A man who lost his father early in life and had to drop out of school to take care of his family. A genius who grabbed an opportunity when it presented itself, and lifted himself to divine heights from there. A pioneer who dared to innovate and who had already been hailed as a maestro by millions. He goes on to win for what many claim is not his best work, but none grudge his victory. In fact, much like Gandhi and the Nobel Peace prize, for me the Oscar would have been poorer, and not Rahman, if it hadn’t been given to him. A man who exemplifies one of life’s oldest cliches: “Hard work pays.” And shows that man makes his own destiny.
A man who made his debut in the late 70s and is still going strong, romancing heroines his daughter’s age. A man, whom I always stereotyped as the ‘re-make hero’ (think Woh Saat Din, Viraasat, Judaai, Biwi No.1, Nayak just to name a few top of the mind recalls...). A man who gave us an iconic Mr. India but has mostly been overshadowed by more successful peers all through his career. A stable bankable hero maybe, seldom a superstar. I am more interested to know whether Aamir will decide to boycott Oscars now that Anil Kapoor has ‘Beta’ed him here too?
A man who is recognized by many to be a fine actor, but one who cannot draw in the masses come Friday night. Saddled with what the producers call ‘unconventional looks’, they would not bet a hundred crore film on him, like they do with much less talented but better looking ‘six-pack superstars’. Irffan Khan went international when ‘working with Hollywood’ wasn’t the buzzword yet. As they say, “Life is not a sprint, it is a marathon; and in the end, the race is only with yourself.”
A struggling model who hosted a TV show that I hadn’t even heard of. And now, is rumoured to be signing a film with Woody Allen. And as fame catches up with her, stories of a hidden marriage crop up. And already, gossip mongers have accused her of using and dumping her man. I will not sit here and pass moral judgment, but I am interested to see how she handles the fame and the accompanying intrusions of privacy. “Every rose comes with its thorn”, they say.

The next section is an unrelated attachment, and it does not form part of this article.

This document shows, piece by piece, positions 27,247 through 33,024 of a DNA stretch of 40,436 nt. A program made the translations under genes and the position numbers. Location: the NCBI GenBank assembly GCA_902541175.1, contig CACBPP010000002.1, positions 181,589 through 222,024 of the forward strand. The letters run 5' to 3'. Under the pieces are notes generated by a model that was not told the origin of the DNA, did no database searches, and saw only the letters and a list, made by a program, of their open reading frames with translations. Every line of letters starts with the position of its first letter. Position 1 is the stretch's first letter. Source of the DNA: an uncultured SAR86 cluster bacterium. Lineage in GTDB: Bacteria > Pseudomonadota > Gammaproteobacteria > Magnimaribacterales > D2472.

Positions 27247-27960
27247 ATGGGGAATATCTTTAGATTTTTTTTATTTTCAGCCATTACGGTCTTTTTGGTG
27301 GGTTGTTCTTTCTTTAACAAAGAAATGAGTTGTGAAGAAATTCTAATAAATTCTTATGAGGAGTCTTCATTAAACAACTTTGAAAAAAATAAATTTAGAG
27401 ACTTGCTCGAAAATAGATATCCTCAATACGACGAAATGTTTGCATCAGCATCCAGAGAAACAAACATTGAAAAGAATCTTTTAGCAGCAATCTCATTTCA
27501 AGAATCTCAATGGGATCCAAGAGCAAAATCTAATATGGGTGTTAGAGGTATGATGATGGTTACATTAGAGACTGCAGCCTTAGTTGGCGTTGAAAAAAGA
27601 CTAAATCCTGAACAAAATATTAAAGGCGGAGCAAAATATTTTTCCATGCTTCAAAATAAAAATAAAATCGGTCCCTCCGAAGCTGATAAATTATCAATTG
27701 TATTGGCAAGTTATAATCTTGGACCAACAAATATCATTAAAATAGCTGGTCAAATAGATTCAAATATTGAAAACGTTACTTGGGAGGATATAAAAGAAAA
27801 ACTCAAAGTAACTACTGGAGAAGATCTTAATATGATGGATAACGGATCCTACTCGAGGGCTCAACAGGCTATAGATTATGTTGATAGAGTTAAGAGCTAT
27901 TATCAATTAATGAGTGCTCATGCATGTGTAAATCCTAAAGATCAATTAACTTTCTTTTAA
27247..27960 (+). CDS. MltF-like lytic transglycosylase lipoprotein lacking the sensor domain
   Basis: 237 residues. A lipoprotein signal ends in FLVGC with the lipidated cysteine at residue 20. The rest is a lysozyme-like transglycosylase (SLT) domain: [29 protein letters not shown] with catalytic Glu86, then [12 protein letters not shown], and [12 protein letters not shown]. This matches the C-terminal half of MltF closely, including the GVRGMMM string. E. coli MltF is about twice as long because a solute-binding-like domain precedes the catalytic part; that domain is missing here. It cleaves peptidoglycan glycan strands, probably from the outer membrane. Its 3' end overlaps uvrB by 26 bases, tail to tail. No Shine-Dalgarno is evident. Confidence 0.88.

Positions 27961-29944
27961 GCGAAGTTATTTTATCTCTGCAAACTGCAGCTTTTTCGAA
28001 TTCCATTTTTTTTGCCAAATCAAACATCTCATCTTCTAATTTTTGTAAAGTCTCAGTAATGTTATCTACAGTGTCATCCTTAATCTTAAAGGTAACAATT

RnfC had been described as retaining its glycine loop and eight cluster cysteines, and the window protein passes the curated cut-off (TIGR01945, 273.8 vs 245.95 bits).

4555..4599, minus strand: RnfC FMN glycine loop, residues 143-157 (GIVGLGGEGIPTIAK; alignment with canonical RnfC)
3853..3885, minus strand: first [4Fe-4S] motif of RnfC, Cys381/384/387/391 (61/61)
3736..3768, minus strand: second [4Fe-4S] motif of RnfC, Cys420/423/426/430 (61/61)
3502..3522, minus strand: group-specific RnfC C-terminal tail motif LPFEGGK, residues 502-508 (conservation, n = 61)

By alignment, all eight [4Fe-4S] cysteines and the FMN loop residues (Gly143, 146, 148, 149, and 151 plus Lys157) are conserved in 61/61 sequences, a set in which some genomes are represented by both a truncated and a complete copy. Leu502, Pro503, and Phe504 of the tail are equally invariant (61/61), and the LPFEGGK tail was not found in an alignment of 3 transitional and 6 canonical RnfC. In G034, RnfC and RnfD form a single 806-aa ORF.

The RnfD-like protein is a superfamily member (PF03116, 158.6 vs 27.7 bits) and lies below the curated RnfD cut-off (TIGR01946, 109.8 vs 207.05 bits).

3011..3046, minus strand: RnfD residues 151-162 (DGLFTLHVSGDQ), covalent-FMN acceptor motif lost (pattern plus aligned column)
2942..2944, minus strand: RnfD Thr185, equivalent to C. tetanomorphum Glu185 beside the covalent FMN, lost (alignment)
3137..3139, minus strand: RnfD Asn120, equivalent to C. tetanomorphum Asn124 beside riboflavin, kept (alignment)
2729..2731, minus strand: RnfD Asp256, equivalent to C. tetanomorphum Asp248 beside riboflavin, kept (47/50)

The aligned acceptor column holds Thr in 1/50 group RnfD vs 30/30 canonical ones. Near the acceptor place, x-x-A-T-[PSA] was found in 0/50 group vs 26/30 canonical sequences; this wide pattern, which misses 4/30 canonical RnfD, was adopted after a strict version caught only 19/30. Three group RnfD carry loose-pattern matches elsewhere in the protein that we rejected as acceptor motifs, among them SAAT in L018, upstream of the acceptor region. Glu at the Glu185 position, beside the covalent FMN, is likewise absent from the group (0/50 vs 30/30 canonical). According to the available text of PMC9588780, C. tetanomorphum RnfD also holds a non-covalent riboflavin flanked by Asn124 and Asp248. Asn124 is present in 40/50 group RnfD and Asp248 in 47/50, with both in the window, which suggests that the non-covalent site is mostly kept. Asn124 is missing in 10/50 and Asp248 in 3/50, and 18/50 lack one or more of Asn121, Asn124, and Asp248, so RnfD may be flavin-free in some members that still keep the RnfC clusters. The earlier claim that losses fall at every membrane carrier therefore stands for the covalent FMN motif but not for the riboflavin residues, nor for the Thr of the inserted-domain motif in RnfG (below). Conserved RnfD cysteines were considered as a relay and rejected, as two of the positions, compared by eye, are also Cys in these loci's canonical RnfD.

A talented child actor who did a very decent job in a small role in an earlier film, only to be overshadowed by a more brilliant portrayal of a dyslexic by another kid. I am curious as to how he felt when Darsheel walked away with all the accolades while he was hardly noticed. Did Tanay Chheda say to himself, “my time will come, let me do my work as best as I can.” Or did he experience pangs of envy, very natural at such an age. While he did have his moment of fame in Slumdog, he is again overshadowed by a younger, more bubbly version of his character, and also by the elder more marketable face of the same character. Does destiny condemn some people to be always in the shadow of more presentable peers?
A kid from the slum. Picked out of obscurity and placed on a global platform. With a TB-stricken father who’s accused of fighting with the producers for more money and benefits. The kid has an educational trust fund and has started going to school. A story which shows that sometimes, destiny makes a man too. Will his life turn for the better? Will he be the lucky ‘one in a million’ who gets to climb out of crippling poverty? Or will his story be forgotten a year down the line when all this hype has died down?
Another kid with a family where her mother and her father’s current wife go to blows claiming rights over her. The old saying goes, “Success has many fathers, failure is an orphan.” In this case, many mothers.
Critics say Slumdog Millionaire is a film which rides on many cliches and stereotypes. However, the real stories of some of the people associated with it have more cliches than the film itself.
For a moment, let me park aside my cynicism about the film winning multiple awards just when Hollywood studios are looking to enter Indian markets in a big way. For a moment, let me also skim over the useless debate of whether this is an Indian film, British film or an American film.
For once, I elect to ignore the fact that I didn’t personally like the movie much; and give a standing ovation to the real life stories of its cast and crew, being played out in the greatest theatre ever, the one that we choose to call ‘Life’.